The house that Frank built

An Irishman’s Diary about the pitfalls of parenting and property ownership

‘In the meantime, I had bought a doll’s house for my daughter. And this decision, at least, must have been infected by the madness of the period. Because it was an enormous house: a neo-Georgian mansion, with three storeys and an attic, plus basement (for the servants, naturally)’.

‘In the meantime, I had bought a doll’s house for my daughter. And this decision, at least, must have been infected by the madness of the period. Because it was an enormous house: a neo-Georgian mansion, with three storeys and an attic, plus basement (for the servants, naturally)’.

Sat, Nov 2, 2013, 22:07

Six or seven years ago, when the boom was still booming, I bought a ridiculously big house. The good thing, in retrospect, is that it wasn’t a real house, although I was in the market for one of those too at the time.

The house we were in then was getting very cramped for three children. Nearly all the received wisdom, still, was that we should trade up, via the biggest mortgage possible, and worry about payments later. But being a natural procrastinator, I dragged my heels. Then the crash happened, and what had been mere inertia suddenly looked like prudence.

In the meantime, I had bought a doll’s house for my daughter. And this decision, at least, must have been infected by the madness of the period. Because it was an enormous house: a neo-Georgian mansion, with three storeys and an attic, plus basement (for the servants, naturally).

Mind you, I didn’t appreciate its size then, because for months the house was still in boxes, awaiting assembly. After the enthusiasm of the purchase, there were the inevitable delays in starting construction. A few times, I took out the booklet and, appalled at the amount of work involved, put it back, postponing the job until my holidays.

Then, very belatedly, the project got under way. This is when I first became concerned at the disproportionate size of the doll’s house vis-a-vis our actual home, in which space had been scarce even before this monstrosity. Still, I cleared a site, somehow, and the doll’s house rose on it, in fits and starts.

It took me at least a year, maybe two. Out in the real world, whole housing estates were being constructed in less time. But in my defence, I had to consult the owner on every important decision: the wallpaper in the master bedroom, the kitchen tiles, the all-important choice of chandelier for the entrance hall.

And I’m glad, looking back, that my daughter and I did linger over these things, at least. I’m glad too that we shared a moment of triumph the day I finished the last part of the job – the ingenious but finicky wiring – and switched on the lights.

Because along with that fleeting triumph came a bittersweet epiphany. It was like the denouement of an O Henry short story. The doll’s house was at least finished, but my daughter was suddenly 12. Even as we discussed which room to furnish first, I realised that, any day now, she would be too old to play with it.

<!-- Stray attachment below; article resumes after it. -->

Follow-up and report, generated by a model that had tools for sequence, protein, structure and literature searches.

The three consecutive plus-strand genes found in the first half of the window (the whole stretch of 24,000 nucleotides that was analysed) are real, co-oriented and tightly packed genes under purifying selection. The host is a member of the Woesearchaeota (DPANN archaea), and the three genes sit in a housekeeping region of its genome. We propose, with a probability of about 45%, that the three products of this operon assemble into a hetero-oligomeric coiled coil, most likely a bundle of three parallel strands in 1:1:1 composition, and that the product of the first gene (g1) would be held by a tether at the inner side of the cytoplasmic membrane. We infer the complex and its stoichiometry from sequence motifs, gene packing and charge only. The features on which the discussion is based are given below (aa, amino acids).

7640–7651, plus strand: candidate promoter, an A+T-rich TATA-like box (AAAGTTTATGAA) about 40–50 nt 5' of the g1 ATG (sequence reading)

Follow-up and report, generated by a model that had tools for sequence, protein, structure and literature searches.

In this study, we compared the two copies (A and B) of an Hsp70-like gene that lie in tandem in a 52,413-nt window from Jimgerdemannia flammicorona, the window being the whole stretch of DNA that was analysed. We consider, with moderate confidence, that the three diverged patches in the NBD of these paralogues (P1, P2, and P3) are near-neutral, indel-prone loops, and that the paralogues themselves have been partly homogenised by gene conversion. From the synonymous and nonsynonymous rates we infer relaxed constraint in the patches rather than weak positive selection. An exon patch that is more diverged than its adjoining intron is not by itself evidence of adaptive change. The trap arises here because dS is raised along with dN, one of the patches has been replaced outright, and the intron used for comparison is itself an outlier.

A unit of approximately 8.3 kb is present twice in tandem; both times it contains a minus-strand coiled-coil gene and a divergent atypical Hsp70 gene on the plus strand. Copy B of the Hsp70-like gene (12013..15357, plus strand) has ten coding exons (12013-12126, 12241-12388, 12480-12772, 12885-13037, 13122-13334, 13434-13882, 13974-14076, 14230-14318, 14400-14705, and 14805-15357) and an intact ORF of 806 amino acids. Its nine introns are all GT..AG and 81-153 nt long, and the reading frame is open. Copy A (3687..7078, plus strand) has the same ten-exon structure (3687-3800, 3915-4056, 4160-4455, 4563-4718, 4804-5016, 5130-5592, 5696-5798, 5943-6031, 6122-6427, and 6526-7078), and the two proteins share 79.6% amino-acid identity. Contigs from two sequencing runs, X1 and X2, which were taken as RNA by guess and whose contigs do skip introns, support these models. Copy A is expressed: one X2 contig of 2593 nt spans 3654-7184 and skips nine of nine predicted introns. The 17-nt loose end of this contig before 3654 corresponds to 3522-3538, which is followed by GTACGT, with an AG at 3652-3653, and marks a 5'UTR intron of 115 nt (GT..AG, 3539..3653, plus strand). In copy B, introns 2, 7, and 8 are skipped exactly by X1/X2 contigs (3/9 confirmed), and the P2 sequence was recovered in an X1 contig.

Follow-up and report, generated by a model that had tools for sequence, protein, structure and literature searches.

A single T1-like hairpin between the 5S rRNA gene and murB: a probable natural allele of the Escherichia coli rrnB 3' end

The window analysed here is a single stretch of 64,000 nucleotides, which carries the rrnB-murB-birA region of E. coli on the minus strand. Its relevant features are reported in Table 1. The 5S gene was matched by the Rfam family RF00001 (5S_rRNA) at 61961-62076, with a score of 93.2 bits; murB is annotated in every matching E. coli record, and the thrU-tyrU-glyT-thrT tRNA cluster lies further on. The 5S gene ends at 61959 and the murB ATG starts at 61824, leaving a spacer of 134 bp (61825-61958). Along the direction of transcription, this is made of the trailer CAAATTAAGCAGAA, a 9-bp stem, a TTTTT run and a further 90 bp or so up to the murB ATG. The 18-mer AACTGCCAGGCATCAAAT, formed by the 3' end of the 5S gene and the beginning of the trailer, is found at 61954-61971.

Sure enough, that’s what happened, and even sooner than I feared. Months passed without furniture acquisition. Then a year. Then another year. The house remained bare inside. It also remained where it was.

Well, the detachable basement was moved to her bedroom at some point, where it has since gradually disappeared under clothes, make-up, petrified pizza slices, and the other accessories of teenage girlhood. But the main part was too bulky to move anywhere. It stayed where it was, occupying a corner of the kitchen/living room, mocking me with its grandeur.

Mostly, these days, I just try to ignore it and the small nagging pain it causes me. And any time it or our general lack of elbow-room becomes oppressive, I remind myself that – property disasters aside – space is always part of the trade-off for city living.

This is painfully obvious whenever the children visit their country cousins, who tend to have bigger houses and gardens, and more apparent freedom. Against which, as I tell the kids, we have parks and museums and theatres, only minutes’ walk in every direction.

All right, museums and theatres are still a hard sell to people under 15. But there are also shops: the deal-breaker for my daughter now. And some museums are better than others, even for children.

I was also reminded this week that, about decade ago, when my two older kids were still pre-schoolers, we had the exciting prospect of Ireland’s first national children’s science museum being built just around the corner.

It would be part of a huge complex of apartments, offices, and shops. And the thought of it helped sustain us through the subsequent siege as construction machinery took over the neighbourhood.

In the event, we got the apartments, offices, some of the shops. After that, the money ran out and the science museum was shelved. Until this week, that is, when we learned that it will finally go ahead, but scaled down, and at a site elsewhere in the city.

Also, it will be not open until 2017, by which time the aforementioned pre-schoolers will be entitled to vote. The moral of the story is that children always grow up too soon. It’s only economies and construction projects that stand still.

fmcnally@irishtimes.com

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